Teams vs Individuals

The “Barry’s” out there aren’t necessarily good with people or feelings, and often approach computers and programming as a means to avoid just those things. This is the regular misconception that great computer programmers don’t need people-skills, whichĀ MattiasĀ believes to be a complete illusion, sinceĀ once you get into it you realize that great software is created by great teams, not individuals.

He continues to further enforce what he believes to be the illusion of being great programmers with examples of Jonathan Blow &Ā John Carmack. How easy it is to find yourself believing these types of great programmers are the key to making great software.

He says that a singles skilled developer probably can be very effective to a certain point (in comparison to other developers), but when this point is reached, they no longer can handle the cognitive load and will not be able to deliver. Which is where a team can deliver a lot more, for a lot longer.

What makes a good team?

Google asked this question and over 4 years have conducted a studyĀ to verify what makes great teams atĀ Google. The conclusion from this study was surprising; It didn’t seem to matter who was in the team. What mattered the most was that the team members felt strong psychological safety.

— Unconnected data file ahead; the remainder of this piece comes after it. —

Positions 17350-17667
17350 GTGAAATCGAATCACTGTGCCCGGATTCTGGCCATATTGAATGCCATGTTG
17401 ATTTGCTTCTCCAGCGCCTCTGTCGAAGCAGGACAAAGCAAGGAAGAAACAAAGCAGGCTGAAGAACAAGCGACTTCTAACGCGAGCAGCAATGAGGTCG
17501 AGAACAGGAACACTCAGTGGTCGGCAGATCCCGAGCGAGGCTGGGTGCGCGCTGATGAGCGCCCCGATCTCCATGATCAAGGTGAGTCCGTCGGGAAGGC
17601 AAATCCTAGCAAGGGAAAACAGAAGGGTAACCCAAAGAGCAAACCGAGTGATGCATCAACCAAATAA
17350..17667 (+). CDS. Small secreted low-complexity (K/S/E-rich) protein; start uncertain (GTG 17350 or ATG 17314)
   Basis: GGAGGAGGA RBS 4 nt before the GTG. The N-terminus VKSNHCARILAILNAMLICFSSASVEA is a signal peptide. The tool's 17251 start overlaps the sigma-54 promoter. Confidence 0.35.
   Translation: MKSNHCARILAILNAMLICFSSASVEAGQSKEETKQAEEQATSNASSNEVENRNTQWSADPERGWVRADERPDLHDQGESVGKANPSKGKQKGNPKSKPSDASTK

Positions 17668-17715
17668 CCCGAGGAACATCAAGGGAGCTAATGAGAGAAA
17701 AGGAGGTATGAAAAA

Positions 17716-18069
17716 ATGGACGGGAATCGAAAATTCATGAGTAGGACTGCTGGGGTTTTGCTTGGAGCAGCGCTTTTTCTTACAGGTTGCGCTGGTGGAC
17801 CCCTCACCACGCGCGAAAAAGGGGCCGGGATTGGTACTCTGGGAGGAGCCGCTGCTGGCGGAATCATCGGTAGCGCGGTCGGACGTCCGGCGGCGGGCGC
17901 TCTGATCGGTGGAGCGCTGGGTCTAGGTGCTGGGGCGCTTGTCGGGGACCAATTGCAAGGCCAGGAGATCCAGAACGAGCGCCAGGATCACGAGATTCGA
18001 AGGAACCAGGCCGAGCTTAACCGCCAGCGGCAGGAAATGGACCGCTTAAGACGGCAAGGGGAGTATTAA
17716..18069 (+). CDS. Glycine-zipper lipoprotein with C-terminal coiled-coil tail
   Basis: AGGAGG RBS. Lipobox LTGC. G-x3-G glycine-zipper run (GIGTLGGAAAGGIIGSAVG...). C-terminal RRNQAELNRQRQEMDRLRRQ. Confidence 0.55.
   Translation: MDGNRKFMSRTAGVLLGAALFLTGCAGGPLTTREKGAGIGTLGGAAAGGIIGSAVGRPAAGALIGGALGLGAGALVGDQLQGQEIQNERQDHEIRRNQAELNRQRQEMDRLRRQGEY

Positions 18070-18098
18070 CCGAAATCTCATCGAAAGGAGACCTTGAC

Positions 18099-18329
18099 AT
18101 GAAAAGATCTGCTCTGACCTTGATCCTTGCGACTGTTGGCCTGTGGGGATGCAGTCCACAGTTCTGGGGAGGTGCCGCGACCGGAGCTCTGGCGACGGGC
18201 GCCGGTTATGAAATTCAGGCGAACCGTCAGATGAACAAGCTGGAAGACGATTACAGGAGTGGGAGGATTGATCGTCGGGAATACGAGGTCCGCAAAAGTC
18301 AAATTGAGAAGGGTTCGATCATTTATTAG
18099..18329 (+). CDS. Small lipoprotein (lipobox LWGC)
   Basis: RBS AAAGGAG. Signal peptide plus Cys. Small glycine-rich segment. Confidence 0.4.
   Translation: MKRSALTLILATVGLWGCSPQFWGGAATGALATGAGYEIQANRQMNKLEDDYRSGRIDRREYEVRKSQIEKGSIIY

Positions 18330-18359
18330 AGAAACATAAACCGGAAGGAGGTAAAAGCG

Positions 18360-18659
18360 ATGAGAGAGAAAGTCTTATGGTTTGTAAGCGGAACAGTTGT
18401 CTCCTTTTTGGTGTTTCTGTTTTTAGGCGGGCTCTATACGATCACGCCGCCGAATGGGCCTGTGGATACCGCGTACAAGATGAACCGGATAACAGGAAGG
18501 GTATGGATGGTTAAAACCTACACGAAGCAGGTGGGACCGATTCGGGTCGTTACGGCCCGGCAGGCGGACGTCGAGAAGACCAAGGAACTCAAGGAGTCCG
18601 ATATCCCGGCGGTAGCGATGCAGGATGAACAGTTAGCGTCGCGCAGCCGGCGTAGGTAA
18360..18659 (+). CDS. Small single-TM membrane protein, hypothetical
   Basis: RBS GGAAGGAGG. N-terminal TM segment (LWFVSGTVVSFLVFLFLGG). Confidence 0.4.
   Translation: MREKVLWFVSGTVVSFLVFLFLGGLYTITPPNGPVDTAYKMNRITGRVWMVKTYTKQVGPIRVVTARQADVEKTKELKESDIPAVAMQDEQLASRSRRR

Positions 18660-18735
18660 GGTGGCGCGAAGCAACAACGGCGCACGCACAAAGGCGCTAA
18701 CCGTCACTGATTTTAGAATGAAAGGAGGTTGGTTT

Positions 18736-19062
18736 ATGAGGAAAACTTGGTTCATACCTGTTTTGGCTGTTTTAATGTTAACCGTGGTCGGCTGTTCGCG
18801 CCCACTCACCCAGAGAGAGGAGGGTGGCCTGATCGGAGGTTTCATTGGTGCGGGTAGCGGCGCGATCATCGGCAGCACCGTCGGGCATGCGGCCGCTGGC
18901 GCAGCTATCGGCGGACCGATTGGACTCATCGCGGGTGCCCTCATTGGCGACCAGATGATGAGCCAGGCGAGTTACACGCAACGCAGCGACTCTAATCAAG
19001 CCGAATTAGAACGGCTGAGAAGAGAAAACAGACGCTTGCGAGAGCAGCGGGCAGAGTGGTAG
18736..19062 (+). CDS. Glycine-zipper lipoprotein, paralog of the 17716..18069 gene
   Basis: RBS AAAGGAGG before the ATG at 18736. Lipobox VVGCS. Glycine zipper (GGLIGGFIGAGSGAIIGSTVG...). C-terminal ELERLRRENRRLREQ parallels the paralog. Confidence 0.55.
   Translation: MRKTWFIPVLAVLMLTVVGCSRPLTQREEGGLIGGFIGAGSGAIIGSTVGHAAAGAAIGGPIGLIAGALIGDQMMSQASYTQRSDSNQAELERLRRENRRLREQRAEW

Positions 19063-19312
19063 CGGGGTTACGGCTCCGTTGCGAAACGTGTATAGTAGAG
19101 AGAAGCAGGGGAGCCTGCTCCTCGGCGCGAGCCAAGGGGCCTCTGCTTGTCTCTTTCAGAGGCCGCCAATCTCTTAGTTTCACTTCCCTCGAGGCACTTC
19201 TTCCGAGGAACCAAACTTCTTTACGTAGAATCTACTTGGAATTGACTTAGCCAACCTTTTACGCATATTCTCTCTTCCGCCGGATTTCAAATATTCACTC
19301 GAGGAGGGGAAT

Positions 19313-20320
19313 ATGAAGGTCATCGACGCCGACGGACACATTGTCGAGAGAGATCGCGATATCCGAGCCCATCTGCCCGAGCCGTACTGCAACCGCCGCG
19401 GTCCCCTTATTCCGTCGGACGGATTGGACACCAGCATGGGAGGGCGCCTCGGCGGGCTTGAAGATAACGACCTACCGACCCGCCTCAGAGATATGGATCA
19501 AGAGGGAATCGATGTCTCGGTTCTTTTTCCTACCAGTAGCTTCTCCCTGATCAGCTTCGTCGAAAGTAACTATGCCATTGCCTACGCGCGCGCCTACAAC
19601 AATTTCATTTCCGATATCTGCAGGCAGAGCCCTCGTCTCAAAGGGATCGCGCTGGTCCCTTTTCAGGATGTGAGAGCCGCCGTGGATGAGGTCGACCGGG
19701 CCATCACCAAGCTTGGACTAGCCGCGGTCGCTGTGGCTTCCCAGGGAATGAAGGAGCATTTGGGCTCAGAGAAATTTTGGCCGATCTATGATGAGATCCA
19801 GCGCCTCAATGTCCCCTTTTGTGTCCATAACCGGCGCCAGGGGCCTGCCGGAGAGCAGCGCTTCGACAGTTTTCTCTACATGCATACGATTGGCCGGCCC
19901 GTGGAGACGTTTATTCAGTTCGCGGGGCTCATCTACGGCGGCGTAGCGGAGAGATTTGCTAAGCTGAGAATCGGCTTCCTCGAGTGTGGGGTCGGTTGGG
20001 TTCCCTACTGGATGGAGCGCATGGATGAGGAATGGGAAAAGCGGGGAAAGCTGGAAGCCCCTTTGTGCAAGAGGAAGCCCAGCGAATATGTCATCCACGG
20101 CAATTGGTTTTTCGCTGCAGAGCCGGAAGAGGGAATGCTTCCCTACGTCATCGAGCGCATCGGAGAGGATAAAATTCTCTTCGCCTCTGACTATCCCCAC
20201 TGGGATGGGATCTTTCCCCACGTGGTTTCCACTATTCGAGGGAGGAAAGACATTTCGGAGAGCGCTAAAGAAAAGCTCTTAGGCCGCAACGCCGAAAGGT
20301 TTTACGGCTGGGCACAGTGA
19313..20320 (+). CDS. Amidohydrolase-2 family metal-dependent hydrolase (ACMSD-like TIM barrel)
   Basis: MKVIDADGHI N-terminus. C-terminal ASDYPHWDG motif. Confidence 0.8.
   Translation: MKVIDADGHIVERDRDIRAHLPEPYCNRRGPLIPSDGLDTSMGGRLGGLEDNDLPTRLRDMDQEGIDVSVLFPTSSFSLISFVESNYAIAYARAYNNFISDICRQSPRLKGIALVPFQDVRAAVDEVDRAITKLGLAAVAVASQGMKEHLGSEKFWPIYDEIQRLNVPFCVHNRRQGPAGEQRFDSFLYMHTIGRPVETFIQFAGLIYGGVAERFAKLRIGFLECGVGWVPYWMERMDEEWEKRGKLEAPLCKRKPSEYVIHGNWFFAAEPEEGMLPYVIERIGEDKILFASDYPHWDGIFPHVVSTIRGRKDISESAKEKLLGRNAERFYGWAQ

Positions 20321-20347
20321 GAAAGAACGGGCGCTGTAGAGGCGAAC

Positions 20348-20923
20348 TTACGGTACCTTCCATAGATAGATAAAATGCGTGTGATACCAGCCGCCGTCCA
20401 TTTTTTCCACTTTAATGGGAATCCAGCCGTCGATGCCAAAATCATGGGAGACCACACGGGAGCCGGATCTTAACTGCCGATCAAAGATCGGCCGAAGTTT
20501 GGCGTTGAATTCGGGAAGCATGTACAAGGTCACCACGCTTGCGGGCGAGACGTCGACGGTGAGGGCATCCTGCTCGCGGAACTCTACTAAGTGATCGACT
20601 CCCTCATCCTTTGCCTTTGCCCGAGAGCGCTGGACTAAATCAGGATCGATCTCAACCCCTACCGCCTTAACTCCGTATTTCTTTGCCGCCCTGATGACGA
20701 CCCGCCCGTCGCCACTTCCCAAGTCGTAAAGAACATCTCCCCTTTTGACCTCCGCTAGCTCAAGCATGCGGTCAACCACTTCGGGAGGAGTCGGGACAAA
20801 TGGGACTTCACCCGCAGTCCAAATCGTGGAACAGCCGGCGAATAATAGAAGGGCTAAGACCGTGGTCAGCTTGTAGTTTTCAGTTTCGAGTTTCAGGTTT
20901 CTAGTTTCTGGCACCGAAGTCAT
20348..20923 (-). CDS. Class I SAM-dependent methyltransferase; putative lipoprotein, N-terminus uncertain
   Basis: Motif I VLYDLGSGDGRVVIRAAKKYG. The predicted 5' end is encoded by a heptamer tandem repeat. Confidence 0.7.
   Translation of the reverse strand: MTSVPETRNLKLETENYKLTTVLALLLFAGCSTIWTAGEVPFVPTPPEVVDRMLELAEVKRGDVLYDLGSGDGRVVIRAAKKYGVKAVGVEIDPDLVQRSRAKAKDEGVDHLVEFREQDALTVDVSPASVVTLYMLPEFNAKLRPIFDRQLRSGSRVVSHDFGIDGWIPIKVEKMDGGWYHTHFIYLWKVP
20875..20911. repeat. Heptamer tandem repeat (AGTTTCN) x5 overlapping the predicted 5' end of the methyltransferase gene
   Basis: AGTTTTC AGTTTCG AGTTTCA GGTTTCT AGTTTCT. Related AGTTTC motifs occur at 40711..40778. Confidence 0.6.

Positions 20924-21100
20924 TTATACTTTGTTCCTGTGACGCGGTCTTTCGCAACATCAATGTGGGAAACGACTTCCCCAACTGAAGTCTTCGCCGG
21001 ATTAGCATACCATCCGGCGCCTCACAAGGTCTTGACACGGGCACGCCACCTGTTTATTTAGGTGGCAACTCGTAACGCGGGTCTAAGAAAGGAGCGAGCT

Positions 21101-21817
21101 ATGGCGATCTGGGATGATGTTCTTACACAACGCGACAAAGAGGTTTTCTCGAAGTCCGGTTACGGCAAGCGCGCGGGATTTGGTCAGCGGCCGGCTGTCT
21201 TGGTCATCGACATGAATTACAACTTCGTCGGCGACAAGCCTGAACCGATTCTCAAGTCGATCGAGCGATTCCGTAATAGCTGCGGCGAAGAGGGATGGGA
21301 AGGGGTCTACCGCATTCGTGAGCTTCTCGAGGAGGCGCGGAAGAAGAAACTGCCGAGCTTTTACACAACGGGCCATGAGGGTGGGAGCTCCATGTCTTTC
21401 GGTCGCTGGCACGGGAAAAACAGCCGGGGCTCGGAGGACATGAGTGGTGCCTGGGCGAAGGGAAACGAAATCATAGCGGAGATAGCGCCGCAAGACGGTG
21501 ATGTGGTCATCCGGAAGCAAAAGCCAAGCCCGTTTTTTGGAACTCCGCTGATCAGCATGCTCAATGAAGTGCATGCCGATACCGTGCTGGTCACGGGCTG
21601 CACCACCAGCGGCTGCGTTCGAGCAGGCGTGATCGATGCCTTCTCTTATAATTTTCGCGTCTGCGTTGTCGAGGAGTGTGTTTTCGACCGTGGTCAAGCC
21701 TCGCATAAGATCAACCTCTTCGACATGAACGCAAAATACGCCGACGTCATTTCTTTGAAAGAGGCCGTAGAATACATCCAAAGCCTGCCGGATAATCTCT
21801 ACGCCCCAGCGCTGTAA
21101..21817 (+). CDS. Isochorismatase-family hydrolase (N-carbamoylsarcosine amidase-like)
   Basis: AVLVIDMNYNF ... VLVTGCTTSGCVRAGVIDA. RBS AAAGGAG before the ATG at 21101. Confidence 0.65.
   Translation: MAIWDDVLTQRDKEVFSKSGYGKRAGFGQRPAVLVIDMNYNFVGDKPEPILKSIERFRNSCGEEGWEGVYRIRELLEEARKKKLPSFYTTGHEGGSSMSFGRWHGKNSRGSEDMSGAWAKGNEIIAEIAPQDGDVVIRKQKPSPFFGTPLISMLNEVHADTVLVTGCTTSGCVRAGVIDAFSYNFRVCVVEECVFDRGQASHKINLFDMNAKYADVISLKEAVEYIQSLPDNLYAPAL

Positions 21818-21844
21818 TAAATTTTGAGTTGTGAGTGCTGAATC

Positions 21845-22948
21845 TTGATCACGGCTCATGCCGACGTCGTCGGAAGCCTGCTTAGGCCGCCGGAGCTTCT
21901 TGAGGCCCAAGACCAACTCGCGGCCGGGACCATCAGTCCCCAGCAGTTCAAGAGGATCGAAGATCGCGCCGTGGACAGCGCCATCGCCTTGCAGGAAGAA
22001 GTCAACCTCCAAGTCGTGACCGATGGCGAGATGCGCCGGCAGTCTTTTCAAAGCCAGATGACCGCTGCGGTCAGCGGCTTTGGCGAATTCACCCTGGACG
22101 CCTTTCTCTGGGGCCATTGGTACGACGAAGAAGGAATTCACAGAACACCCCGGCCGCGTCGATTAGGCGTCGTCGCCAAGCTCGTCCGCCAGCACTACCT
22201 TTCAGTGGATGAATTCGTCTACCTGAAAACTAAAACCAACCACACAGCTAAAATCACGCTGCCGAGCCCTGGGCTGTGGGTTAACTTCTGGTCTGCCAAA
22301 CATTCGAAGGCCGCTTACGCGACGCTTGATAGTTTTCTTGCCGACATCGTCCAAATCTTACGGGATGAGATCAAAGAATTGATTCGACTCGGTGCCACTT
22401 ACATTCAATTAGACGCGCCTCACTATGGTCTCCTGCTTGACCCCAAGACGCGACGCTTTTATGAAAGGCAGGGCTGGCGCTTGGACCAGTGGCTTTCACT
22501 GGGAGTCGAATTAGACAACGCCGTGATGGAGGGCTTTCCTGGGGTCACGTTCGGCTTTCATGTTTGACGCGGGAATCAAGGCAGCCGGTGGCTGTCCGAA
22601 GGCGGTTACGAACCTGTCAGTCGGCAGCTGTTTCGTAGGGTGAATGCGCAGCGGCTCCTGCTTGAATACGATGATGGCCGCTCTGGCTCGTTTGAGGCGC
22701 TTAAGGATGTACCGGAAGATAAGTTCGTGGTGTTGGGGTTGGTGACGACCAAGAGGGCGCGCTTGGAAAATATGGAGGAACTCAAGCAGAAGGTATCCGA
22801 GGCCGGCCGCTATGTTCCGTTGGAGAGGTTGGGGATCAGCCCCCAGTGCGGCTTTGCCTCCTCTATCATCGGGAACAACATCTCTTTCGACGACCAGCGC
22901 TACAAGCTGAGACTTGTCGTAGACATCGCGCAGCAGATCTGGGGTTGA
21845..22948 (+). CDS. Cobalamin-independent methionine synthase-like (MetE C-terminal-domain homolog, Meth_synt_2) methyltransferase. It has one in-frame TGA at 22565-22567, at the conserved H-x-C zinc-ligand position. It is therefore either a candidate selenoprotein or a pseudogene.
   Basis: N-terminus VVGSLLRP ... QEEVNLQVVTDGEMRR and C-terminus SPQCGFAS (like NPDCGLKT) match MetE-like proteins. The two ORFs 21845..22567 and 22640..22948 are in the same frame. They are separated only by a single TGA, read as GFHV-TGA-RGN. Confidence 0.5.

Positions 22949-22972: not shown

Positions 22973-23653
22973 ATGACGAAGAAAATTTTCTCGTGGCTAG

Strong Psychological Safety: “A sense of confidence that the team will not embarrass, reject or punish someone for speaking up”

For MattiasĀ this makes a lot of sense, since many potentially team-breaking issues seemed to just get fixed before they are a problem. There is nothing to hide and team members are open, honest and not afraid to ask “dumb” questions. With this comes huge amounts of learnings and progress through risk-taking and further learnings.

Psychological Safety => Great software. Not great developers alone.

Get rid of “Barry”

The “Barry’s” are poison for psychological safety and will pull any team they are a part of down, according to Mattias. He further insists that there is no room for “Barry’s”; Either they learn empathy, or you get rid of them.

“Great Software teams need psychological safety, and people with low empathy (Barry’s)Ā destroy psychological safety”